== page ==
Sunday, July 5, 2015

Ideas Once Spreading

One hundred and fifty years before TED revitalized the chalk talk, lecture halls known as "lyceums" flourished across the U.S.

At their peak in the 1850s, the halls drew more than a million people a week—nearly 5% of the country's population.

Attendees brought their 19th century attention spans to hear itinerant speakers like Ralph Waldo Emerson, Charles Dickens, Daniel Webster and Theodore Parker.

Unlike other public gathering spots of the day, lyceums welcomed women and, north of the Mason Dixon Line, African Americans. 

Tickets, sold by subscription, were cheap (about 25 cents).

Most speakers delivered "instructive" talks about science, travel, and the arts; but lyceums also hosted proponents of hot political ideas, especially early feminists, prohibitionists and abolitionists.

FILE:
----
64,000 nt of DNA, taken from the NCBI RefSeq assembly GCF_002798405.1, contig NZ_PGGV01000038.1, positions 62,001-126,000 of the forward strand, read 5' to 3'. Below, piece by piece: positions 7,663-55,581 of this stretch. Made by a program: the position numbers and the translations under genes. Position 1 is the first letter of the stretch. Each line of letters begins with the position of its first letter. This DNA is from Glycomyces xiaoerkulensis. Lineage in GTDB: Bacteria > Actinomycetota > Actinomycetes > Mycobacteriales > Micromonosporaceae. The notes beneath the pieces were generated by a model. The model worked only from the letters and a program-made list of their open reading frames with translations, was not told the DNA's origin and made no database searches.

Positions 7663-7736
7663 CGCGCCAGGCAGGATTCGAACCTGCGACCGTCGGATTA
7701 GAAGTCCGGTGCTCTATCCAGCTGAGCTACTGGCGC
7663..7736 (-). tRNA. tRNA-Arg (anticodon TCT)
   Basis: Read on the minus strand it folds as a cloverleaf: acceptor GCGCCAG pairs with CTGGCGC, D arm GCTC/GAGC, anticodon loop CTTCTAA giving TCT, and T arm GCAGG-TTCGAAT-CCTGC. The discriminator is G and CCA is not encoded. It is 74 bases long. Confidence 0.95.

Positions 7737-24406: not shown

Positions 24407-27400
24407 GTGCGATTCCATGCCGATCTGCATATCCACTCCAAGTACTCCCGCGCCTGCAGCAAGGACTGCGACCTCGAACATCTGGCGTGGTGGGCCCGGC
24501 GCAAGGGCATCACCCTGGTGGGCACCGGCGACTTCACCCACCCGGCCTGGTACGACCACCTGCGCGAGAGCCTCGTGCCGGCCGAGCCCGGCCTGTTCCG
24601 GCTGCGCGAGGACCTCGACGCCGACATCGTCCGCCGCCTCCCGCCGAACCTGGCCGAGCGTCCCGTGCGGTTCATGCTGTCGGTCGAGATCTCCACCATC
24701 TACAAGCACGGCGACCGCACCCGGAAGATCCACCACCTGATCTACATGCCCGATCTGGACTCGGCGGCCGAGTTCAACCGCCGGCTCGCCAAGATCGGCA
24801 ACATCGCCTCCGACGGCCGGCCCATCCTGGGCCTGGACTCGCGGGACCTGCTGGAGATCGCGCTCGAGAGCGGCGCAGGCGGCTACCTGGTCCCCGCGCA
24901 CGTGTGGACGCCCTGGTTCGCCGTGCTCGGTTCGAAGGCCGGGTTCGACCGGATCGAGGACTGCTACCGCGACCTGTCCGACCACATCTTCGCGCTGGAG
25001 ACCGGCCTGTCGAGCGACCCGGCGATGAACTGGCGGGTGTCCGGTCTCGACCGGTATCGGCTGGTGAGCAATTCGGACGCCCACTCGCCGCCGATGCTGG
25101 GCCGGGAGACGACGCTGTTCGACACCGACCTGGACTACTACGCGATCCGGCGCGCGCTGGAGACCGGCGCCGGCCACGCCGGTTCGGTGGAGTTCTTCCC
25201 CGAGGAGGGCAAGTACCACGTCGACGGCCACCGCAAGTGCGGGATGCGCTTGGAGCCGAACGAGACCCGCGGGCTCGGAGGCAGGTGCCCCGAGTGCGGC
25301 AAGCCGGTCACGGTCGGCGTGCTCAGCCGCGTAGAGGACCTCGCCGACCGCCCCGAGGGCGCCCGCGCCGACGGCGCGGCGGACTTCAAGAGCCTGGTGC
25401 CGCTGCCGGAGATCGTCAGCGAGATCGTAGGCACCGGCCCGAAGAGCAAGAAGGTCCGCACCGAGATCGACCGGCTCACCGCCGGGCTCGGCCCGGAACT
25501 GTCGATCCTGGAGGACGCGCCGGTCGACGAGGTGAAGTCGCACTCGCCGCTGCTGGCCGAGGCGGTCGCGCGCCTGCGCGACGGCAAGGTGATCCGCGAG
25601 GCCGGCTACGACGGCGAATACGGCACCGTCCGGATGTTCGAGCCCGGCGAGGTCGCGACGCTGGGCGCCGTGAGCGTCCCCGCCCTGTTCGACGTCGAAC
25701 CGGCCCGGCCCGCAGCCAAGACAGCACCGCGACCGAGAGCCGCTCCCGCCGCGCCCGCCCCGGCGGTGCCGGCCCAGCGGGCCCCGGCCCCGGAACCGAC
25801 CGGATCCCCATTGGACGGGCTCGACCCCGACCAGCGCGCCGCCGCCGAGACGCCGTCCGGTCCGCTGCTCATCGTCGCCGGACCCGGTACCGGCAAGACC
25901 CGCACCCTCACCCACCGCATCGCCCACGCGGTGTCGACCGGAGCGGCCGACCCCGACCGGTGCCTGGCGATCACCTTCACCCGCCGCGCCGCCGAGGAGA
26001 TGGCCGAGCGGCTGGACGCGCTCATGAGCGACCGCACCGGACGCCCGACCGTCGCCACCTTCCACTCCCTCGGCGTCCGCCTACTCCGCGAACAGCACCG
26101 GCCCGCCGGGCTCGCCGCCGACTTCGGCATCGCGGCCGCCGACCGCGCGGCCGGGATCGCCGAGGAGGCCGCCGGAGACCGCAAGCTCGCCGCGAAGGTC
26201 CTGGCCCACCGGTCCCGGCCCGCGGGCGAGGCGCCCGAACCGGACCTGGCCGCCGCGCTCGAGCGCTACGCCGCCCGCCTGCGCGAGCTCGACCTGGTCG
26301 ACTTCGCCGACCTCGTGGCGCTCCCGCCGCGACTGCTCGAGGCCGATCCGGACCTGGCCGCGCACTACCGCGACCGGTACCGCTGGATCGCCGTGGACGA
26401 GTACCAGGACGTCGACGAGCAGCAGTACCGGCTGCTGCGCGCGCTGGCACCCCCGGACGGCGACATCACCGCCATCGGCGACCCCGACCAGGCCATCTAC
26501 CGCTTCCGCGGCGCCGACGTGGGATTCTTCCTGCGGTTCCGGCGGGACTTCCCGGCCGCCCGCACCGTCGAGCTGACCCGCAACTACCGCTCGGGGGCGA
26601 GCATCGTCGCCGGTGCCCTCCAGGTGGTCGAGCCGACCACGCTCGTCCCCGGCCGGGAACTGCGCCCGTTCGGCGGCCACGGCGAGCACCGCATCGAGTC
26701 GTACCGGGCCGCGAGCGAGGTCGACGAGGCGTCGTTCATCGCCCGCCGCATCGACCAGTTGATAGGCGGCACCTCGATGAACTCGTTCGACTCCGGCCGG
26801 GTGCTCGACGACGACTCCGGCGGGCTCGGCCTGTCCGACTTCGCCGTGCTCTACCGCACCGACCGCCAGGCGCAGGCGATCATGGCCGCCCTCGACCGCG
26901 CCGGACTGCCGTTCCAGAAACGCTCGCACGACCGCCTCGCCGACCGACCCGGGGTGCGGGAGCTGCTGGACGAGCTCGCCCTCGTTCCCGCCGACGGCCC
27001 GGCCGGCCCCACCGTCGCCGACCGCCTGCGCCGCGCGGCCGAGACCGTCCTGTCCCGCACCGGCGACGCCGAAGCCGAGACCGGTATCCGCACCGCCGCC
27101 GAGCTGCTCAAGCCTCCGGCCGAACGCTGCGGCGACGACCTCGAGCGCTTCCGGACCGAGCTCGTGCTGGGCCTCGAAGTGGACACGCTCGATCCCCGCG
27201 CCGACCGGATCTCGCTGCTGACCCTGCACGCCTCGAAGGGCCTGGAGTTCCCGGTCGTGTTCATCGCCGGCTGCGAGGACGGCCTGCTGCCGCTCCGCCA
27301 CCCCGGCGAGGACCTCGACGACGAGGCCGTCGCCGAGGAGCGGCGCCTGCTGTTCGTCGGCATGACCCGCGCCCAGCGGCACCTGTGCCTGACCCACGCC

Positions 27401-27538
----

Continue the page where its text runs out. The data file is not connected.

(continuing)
The latter aroused so much animosity as the decade progressed that audiences, afraid of violent outbreaks, eventually stopped going to lyceums, and the phenomenon lost much of its steam.

Following the Civil War, many of the once-heady halls were converted to venues for vaudeville acts.
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